Tuesday, December 2, 2008

Of towers and fake rocks

When Walt Disney World's Magic Kingdom was constructed in Florida, it boasted one improvement over its California predecessor: a complex of tunnels that ran beneath the park, enabling the moving of people and equipment, garbage collection, and other essential park business to be carried on out of the guests' view, lest anything spoil their illusion. There's an old story that says Walt got the idea one day at Disneyland when he saw a Frontierland cowboy walking through Tomorrowland, thus piercing its futuristic "bubble". Theming is something at which Disney has historically been very good.

Which brings me to Tomorrowland. There have been many Internet postings complaining that the 1994 refurbishment of Tomorrowland into some sort of Flash Gordon spaceport amounts to an abandonment of the future. This isn't one of them. Ultimately, whether a person prefers the pre-1994 Tomorrowland with its sleek, minimalist design sensibility rooted in the 1960s, or the new version with it's deliberately retro-1930s/1940s/1950s stylings really depends on their own individual taste. However, I encourage you to take a look at the picture below and tell me which element(s) don't quite belong:

Could it be the GIANT FAKE ROCKS? What exactly was Disney thinking here? How do the rocks fit in with the whirlygigs and the radiator fins and the neon lights? They're as out-of-place in Tomorrowland as, well, a Frontierland cowboy. Compare the rocks with what used to be there before the 1994 rehab:

Now, I understand why the towers were taken down. They clashed with the retro-50s design aesthetic the Imagineers were going for, and they would have competed with the fancy-schmancy Tomorrowland sign that arcs over the entrance. But were the ridiculously fake rocks the best replacements Disney could conjure up? They have a distinctly Warner Brothers cartoon look, as if they're the divider between Duck Dodgers In The 25 1/2 Century Land and Road Runner and Coyote Land. And the thing is, they aren't a Magic Kingdom-only abberation. California's Disneyland has them, too:

Clearly the fake rocks are an intended part of the design. What's the story behind this? Did Eisner have some kind of faux boulder fetish? Were a bunch of fake rocks fabricated for a planned Thunder Mountain expansion, then dumped in front of Tomorrowland when the project was canceled? What's really ridiculous is that Disney Imagineers are masters of making things look real. If Eisner wanted rocks, it wouldn't have been that hard for them to whip up something that looked like rocks instead of Looney Tunes come to life.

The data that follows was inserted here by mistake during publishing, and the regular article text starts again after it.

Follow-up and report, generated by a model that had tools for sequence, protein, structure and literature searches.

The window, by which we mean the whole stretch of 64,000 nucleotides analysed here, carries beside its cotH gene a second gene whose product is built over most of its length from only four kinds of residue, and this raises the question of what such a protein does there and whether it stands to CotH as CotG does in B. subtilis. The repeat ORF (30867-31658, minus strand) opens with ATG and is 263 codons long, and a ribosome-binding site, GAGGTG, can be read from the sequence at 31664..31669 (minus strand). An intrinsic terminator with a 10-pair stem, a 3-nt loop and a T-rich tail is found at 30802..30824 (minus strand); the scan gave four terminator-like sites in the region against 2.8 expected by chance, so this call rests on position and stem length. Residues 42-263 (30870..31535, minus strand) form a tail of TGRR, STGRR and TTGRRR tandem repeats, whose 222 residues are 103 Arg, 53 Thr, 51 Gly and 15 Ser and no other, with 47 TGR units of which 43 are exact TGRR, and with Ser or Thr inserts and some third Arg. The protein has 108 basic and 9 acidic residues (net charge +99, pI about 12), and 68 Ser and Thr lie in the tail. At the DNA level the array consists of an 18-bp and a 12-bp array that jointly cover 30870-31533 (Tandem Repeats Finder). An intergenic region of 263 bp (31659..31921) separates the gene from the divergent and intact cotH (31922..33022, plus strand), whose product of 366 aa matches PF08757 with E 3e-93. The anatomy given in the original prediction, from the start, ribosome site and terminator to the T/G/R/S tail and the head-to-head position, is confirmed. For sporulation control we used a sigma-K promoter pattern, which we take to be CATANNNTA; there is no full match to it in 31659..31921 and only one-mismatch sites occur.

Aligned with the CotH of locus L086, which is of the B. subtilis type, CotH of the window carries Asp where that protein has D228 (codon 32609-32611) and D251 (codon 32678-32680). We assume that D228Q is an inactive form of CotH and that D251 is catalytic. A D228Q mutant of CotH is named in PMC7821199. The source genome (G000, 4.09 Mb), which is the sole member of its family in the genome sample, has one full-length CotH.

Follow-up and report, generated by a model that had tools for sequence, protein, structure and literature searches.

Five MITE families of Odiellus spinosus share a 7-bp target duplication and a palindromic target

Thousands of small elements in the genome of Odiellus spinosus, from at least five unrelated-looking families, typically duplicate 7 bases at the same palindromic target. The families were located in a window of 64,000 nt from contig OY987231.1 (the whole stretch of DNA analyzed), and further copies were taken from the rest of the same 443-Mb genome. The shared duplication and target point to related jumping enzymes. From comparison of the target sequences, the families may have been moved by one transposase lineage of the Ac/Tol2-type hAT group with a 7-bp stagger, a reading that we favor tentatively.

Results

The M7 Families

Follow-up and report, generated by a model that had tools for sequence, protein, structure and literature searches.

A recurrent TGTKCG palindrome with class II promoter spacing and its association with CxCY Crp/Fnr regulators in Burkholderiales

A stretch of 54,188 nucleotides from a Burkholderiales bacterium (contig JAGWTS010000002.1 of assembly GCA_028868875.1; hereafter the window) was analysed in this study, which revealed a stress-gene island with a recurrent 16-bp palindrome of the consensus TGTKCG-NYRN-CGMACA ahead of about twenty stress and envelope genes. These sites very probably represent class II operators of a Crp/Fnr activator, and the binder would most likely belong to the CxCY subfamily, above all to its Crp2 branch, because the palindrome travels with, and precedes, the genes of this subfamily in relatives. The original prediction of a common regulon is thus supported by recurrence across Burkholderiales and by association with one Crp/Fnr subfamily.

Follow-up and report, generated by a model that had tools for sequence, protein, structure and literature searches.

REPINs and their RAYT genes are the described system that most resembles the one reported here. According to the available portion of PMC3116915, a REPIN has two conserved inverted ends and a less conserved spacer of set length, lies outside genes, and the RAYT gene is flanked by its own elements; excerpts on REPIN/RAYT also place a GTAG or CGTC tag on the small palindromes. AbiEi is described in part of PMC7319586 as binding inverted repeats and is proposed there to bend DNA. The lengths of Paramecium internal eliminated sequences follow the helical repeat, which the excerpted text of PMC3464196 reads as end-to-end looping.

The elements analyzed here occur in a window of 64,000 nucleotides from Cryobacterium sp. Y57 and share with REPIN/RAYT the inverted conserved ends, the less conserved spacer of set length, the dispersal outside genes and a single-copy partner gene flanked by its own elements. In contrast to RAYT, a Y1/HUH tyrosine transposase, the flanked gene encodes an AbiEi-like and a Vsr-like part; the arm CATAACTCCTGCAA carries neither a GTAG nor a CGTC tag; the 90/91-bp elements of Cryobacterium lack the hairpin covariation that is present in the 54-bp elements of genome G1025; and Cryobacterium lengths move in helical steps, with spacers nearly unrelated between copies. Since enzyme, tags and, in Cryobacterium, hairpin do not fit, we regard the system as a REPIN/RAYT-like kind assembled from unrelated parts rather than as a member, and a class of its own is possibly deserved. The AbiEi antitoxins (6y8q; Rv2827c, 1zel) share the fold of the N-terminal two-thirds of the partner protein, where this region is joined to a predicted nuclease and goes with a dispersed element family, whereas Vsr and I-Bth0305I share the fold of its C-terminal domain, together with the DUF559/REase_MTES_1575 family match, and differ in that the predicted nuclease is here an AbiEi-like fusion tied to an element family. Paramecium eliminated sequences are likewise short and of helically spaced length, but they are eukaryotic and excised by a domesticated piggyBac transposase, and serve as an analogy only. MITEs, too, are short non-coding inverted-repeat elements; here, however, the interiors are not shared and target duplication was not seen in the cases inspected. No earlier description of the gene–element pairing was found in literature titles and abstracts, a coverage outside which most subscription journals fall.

Or, if they really wanted to save money, they could have taken a cue from Tokyo Disneyland . . .

. . .and simply given the towers a new paint job. Would they still have clashed with the Flash Gordon radiator fins and neon lights? Sure, but not as much as the rocks.


  1. When I see the rocks, they remind of a distant planet on which Buck Rogers or Flash Gordon have landed. I think that is the look they were going for. I see where you are coming from, but I think the Loony-Toonish quality is to give them more of an otherworldly look and not so much a fakey-boulder look. Granted they could have done something better with those towers (I am reminded of the spires from an alien palace--very Flash Gordon if you ask me), but I don't see the rocks as being too out of place taken in that context. Just my two cents.

  2. I was thinking Moon or Mars rocks. That sort of ties in with the "alien planet" thing of the previous comment.

    Yet, they really don't fit in. They don't say much, thematically, and are at best ambiguous. Mars, or Monument Valley?

  3. Yes, I too thought they were rocks from another planet.

    They never really bothered me.

    Love the blog though.=-)

  4. Just going through your past posts. Love your blog! I'm a huge fan of Horizons. And I agree with you about the Tomorrowland rocks....I hate them at Disneyland AND at WDW. I'm a huge Tokyo DL fan and love the fact that their TL has remained original (for the most part.) I hope they never destroy their original entrance structures. They actually just repainted them last year and they now light them at night with black lighting. I have posted a lot of photos of Tokyo DL's Tomorrowland on my blog, but I need to post some pics of that new paint job!

  5. Thanks for such a great post and the review, I am totally impressed! Keep stuff like this coming. IELTS Certificate


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